In the year just past, we experienced many things—a prelude to a Presidential election, a renewal of terrorist concerns, a trip to Pluto—but in the investment markets, we will look back and yawn.  Despite some entertaining ups and downs, particularly in the third quarter of the year, the markets ended pretty much where they began, eking out small gains and losses pretty much across the board. The final three months of the year provided investors with gains that were tantalizingly close to wiping out the losses of the previous three.

Meanwhile, bond investors started the year, as in years past, expecting that 2015 would finally see interest rates rise across the board.  Many professionals have been holding very low-yielding short-term instruments or cash in their bond portfolio allocations as a defensive measure, and had to endure almost zero returns without the satisfaction of having ducked the long-anticipated nasty downturn in bond values.

What’s going to happen in 2016?  Of course, nobody knows with any degree of certainty.  But many professional investors are approaching the New Year with an unusual degree of caution.  By most metrics, U.S. stocks are pricier than their historical averages.  That doesn’t mean they can’t get more so, but it seems unlikely that people will pay a lot more for a dollar of earnings in the coming year than they will today.  Meanwhile, economic growth is moderate at best, which suggests that, in aggregate, U.S.-based companies will only be able to grow their value at moderate rates as well.

Don’t look for a return to high oil prices in the near future, as oil production from post-sanctions Iran will soon hit the market, adding to what economists are already describing as an oil and gas glut.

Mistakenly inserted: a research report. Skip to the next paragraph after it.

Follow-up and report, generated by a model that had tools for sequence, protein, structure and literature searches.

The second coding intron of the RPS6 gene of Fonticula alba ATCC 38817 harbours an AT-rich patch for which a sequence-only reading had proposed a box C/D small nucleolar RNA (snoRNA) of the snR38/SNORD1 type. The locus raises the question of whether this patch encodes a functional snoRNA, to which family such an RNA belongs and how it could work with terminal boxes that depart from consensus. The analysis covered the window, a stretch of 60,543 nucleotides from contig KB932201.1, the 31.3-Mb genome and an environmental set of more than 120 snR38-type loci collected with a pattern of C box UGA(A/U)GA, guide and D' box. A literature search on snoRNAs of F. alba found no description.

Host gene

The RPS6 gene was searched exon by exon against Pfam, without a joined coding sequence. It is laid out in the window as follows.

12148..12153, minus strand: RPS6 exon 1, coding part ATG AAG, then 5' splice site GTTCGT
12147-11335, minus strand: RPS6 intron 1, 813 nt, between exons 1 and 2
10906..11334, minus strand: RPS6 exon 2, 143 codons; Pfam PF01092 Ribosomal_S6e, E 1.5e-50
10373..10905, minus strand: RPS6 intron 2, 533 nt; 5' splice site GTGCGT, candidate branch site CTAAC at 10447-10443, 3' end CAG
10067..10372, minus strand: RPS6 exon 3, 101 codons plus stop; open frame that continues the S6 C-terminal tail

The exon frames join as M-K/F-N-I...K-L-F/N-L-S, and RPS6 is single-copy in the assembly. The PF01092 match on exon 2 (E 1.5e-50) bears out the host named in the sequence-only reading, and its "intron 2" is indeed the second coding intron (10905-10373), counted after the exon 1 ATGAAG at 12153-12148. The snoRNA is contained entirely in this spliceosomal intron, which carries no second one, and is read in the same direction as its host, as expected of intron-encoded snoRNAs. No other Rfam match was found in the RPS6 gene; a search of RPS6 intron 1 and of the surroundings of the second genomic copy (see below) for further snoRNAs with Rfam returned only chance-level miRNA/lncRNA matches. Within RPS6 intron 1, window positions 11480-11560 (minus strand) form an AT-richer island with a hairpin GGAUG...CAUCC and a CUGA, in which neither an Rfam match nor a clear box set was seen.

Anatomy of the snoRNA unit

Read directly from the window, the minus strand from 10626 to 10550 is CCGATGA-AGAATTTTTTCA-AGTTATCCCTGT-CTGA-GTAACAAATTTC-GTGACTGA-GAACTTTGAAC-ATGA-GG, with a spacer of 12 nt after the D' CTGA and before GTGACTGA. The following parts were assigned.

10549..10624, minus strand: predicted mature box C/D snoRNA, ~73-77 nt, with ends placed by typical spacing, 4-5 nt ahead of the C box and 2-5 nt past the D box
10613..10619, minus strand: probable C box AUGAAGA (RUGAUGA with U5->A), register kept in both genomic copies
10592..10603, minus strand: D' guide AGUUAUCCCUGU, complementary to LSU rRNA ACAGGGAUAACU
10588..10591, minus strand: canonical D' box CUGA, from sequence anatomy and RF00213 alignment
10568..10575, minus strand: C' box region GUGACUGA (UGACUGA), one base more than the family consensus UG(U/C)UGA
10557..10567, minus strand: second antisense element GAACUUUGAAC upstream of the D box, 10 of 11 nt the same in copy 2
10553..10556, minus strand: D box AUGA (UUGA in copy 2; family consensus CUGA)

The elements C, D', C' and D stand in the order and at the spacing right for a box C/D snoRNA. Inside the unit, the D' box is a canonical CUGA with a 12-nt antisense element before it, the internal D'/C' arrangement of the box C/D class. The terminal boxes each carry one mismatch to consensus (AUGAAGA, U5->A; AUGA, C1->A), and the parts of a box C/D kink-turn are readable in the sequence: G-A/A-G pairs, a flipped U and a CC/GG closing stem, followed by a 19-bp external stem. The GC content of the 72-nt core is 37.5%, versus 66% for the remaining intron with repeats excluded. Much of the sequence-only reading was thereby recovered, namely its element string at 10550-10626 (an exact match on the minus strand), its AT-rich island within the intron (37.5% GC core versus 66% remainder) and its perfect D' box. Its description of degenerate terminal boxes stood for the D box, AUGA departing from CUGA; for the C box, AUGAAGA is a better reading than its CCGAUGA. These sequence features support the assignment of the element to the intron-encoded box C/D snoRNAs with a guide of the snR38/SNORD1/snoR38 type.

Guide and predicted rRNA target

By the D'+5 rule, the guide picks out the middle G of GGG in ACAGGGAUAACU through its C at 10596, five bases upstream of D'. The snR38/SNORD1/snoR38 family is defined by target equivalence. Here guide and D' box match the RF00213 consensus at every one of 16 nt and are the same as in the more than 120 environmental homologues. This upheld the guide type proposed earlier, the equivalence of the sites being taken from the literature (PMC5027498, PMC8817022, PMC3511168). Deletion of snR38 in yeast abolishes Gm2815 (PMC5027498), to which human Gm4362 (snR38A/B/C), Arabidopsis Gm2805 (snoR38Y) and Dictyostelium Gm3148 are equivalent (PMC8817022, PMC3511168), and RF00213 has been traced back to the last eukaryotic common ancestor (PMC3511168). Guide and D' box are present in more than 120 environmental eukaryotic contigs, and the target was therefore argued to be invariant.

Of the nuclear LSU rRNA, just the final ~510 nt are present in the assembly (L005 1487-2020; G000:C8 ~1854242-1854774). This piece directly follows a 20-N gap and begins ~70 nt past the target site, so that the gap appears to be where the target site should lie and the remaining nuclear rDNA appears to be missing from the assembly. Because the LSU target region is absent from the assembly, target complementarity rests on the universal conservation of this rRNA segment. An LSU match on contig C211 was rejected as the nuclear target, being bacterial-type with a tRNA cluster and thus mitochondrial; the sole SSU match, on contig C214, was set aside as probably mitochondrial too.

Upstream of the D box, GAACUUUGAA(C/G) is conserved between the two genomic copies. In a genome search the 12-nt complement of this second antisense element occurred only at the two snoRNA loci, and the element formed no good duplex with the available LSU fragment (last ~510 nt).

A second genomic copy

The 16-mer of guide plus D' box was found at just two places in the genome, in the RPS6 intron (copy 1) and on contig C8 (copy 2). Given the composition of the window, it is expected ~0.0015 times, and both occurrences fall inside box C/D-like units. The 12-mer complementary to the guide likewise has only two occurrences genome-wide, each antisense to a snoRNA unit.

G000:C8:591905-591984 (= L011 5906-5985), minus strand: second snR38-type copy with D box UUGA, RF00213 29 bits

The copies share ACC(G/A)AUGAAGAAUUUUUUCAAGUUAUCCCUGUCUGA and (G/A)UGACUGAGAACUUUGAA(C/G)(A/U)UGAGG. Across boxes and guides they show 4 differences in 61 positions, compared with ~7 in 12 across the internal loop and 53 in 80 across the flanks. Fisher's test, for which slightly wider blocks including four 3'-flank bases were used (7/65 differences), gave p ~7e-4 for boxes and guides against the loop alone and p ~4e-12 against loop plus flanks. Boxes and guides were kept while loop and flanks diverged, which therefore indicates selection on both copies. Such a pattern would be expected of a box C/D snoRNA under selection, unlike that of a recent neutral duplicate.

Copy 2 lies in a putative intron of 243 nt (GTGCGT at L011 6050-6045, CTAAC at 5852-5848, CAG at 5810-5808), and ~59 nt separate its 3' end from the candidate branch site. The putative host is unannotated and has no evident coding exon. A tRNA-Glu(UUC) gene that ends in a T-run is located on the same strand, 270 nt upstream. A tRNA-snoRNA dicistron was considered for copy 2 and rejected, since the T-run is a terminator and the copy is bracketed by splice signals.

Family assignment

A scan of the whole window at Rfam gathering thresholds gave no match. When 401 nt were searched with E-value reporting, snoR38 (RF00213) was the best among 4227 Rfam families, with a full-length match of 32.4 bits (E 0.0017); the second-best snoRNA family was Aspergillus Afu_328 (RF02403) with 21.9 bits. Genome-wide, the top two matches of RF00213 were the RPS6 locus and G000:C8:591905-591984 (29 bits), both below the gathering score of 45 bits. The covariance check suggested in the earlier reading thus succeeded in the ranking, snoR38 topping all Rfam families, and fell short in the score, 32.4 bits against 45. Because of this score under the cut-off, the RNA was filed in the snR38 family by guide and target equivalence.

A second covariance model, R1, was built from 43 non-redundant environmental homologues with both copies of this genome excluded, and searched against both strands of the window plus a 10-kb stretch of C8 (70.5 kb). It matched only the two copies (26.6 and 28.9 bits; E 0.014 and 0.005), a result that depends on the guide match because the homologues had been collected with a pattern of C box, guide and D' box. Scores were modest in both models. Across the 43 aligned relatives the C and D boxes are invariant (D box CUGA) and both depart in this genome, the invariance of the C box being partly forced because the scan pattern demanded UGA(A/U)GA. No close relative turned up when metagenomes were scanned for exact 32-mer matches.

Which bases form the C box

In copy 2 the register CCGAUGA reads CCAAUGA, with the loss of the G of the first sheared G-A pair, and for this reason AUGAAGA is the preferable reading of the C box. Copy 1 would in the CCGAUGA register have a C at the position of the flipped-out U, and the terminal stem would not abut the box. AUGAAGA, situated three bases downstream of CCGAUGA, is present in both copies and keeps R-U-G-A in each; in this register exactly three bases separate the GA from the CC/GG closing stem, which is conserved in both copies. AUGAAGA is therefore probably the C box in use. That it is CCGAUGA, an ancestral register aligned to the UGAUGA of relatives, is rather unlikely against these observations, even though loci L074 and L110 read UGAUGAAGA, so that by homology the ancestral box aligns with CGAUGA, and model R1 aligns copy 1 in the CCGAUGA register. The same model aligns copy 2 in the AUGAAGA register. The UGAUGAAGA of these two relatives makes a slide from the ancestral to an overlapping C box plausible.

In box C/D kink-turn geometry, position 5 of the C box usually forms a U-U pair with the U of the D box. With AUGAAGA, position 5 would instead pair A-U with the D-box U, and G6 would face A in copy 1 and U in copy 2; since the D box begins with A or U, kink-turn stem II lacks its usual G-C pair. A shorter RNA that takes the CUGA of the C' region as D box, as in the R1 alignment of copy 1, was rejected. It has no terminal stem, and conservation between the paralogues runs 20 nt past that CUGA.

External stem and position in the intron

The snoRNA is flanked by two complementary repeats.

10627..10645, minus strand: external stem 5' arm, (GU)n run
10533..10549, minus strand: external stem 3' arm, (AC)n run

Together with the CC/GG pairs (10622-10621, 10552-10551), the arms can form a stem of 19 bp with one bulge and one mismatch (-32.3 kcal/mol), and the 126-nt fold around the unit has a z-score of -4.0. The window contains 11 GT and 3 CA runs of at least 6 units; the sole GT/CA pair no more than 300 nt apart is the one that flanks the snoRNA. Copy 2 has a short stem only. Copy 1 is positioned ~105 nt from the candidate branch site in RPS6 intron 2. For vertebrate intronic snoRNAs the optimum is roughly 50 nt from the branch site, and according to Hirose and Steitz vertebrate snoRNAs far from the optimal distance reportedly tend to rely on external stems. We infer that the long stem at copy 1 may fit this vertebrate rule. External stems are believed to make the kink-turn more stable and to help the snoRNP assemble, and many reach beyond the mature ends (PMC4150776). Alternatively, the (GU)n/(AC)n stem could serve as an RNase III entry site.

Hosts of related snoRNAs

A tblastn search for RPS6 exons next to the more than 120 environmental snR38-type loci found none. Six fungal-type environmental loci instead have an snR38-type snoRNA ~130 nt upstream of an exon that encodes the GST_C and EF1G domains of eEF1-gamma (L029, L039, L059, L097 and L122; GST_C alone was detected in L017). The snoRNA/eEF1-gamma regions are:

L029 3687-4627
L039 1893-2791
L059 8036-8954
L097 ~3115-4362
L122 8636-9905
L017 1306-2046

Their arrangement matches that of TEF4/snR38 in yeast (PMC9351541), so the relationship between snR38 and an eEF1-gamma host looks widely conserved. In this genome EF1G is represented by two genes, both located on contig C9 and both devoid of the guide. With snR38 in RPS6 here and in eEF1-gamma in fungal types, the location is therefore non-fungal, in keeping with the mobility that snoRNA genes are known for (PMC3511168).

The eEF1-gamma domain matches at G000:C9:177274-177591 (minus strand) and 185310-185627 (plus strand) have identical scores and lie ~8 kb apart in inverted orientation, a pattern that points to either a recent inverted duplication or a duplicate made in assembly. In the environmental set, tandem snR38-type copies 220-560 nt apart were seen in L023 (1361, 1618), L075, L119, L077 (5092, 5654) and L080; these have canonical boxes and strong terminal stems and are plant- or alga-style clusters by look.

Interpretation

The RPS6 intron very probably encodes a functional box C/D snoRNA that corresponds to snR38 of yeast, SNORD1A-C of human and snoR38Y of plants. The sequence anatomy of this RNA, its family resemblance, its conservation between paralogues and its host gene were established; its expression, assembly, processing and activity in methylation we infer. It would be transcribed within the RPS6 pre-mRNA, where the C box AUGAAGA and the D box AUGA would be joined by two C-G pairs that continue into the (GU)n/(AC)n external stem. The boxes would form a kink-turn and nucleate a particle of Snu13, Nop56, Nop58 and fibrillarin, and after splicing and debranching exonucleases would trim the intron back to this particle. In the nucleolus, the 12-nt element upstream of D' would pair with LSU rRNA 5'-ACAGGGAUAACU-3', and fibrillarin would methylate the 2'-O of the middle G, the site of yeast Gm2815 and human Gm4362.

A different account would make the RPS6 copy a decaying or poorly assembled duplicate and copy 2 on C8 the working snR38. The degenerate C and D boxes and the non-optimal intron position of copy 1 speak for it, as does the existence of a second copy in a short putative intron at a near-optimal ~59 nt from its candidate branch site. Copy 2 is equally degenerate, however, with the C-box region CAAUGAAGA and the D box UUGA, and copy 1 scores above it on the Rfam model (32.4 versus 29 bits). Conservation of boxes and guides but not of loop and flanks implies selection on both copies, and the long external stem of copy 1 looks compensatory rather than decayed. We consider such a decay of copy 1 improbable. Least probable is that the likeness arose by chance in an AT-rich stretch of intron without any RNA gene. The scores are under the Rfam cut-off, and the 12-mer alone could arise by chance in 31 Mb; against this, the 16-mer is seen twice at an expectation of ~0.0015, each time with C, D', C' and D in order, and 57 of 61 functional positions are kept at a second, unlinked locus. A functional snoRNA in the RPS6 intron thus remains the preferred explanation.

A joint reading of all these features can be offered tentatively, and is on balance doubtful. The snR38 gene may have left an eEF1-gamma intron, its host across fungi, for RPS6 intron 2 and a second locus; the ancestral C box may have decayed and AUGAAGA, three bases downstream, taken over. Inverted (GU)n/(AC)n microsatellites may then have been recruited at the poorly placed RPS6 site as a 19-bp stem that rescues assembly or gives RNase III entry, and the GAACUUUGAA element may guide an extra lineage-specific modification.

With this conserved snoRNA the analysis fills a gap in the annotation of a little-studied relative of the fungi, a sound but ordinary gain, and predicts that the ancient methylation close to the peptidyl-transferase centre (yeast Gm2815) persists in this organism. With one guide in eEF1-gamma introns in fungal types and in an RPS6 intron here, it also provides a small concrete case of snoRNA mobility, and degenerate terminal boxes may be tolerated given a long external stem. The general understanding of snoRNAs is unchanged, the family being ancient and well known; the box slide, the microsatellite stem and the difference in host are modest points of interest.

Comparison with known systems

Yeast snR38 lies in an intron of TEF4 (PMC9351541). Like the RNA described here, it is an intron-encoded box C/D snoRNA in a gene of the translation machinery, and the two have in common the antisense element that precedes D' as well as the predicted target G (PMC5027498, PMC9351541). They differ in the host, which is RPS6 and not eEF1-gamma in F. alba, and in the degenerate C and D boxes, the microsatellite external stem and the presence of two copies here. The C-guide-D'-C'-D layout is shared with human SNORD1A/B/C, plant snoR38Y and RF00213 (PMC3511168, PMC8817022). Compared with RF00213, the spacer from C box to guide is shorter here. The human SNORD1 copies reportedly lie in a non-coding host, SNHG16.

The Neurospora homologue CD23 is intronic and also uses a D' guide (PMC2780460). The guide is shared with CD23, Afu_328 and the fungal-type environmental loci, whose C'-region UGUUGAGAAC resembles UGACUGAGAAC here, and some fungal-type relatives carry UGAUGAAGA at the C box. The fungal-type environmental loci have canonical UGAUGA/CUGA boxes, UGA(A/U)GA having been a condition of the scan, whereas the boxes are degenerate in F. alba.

And, yes, there are some warning signs on the horizon.  Nobody seems to know exactly what to make of the high-yield bond market.  Is the recent downturn a sign of some long-term problems or a blip on the screen?  One could make the argument that emerging market governments and companies with low credit ratings have gotten away with giving their lenders extremely low (by historical standards) interest rates.  If rates rise, investors may want to sell those bonds, and there could be a sudden rush for the exits, potentially causing liquidity problems for the funds that are holding them.  But one would expect those funds to be preparing for this possibility, and similar dour forecasts have, in the past, had a habit of not showing up in the real world.

Finally, we’ve finally seen the Federal Reserve Board’s first tentative effort to let the short-term fixed income markets find their natural level, which has already led to higher mortgage rates.  Nobody knows if or when the Fed will raise rates again in the new year, or what the impact would be, but the fact that it’s an election year, and the economy is still not exactly robust, suggests that the central bank’s policymakers will proceed very cautiously.

Will that happen in the next 12 months?   All we can say is that the markets often punish those who try to outsmart them.  If the market goes down in the coming year, it will mean that we all will be able to buy stocks at cheaper prices in anticipation of the next rise—whenever and however it arrives.

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Scott Carlson